Technology, however, has the potential to help bridge the psychological gap created by labor migration, and social mobile games have emerged as a powerful tool for achieving this. Social mobile games, such as those that are played on smartphones or tablets, provide a platform for people to connect and interact with others, regardless of their location. Engaging in these games can help take the mind off of negative thoughts and emotions, and provide a sense of accomplishment and satisfaction. Through these games, left-behind children and older adults in Nepal can connect with their parents or other family members who have migrated, as well as with others in similar situations. The ability to communicate and interact with others can help reduce feelings of isolation and loneliness, which can have a positive impact on mental health and well-being.
Social mobile games can also serve as an educational tool, providing children and older adults with the opportunity to learn new skills, improve their cognitive abilities and even learn new languages. This can be particularly beneficial for children who may be struggling in school, as well as for older adults who may be looking for ways to keep their minds active and engaged.
Furthermore, social mobile games have the potential to bridge the psychological gap created by labor migration by providing a platform for connection, entertainment, and education. By using these games, left-behind children and older adults in Nepal can reduce feelings of isolation and loneliness, while also improving their mental health and well-being. It is important for family members and caregivers to be aware of this potential and encourage their loved ones to engage in these games.
Mobile phone games, specifically those with social features, can be an effective way to reduce stress and anxiety for people who are separated from their loved ones due to migration. Participants who played social mobile games reported a decrease in stress and anxiety, as well as an increase in feelings of social connectedness.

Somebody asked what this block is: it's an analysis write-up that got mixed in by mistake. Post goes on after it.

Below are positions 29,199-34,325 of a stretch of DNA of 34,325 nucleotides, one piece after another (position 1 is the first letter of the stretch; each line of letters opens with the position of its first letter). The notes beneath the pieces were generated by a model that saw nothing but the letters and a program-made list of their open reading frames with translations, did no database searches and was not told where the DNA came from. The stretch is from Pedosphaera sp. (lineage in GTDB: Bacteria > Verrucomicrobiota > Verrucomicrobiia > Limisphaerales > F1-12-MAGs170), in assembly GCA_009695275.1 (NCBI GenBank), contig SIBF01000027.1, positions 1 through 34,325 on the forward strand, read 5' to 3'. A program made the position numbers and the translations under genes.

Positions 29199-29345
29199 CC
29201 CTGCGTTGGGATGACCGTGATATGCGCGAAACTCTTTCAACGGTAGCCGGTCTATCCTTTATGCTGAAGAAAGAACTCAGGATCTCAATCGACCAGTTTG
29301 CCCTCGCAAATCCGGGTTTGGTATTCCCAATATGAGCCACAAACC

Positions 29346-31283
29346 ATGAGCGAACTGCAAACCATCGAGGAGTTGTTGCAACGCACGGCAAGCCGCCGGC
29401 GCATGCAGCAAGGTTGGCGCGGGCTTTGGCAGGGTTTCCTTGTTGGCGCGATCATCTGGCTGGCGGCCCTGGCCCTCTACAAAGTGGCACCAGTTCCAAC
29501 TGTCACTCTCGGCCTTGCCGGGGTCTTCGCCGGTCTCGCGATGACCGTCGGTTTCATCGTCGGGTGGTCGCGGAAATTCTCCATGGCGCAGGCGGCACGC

Additionally, social mobile games can also have a positive impact on the emotional well-being of older adults who are separated from their loved ones due to migration. The study found that social mobile games can help to reduce feelings of loneliness, depression and anxiety. Social mobile games can also have a positive impact on the emotional well-being of older adults.
Social card games, which are games that simulate traditional casino games such as slots, poker, and blackjack, call break, marriage (rummy), are effective tools for teaching computer science, mathematics, statistics, probability, and decision-making strategies. They provide an engaging and interactive way for students to learn and practice these concepts, which can lead to better understanding and retention of the material.
Mobile card games can also be used to teach decision-making strategies. Research presented at the International Conference on Games and Learning Alliance suggests that playing card games can help players learn to make more informed decisions, statistics and risk management. The study found that students who played card games demonstrated a deeper understanding of probability and statistics concepts compared to students who did not play the games.
Social mobile games like Callbreak and Marriage developed by Bhoos Games can be an effective way to reduce stress, anxiety, feelings of loneliness, and abandonment due to family members being separated by international borders as the game developers can integrate props and narrative that are loved by the Nepalese populace at large. Family members can interact among themselves while playing a fun game instead of just talking about how their lives are going on at their respective locations.They provide a sense of social interaction and connection, which can help alleviate these negative feelings while the players can learn strategic decision making and risk management. As a result, playing games can strengthen the bond between family members.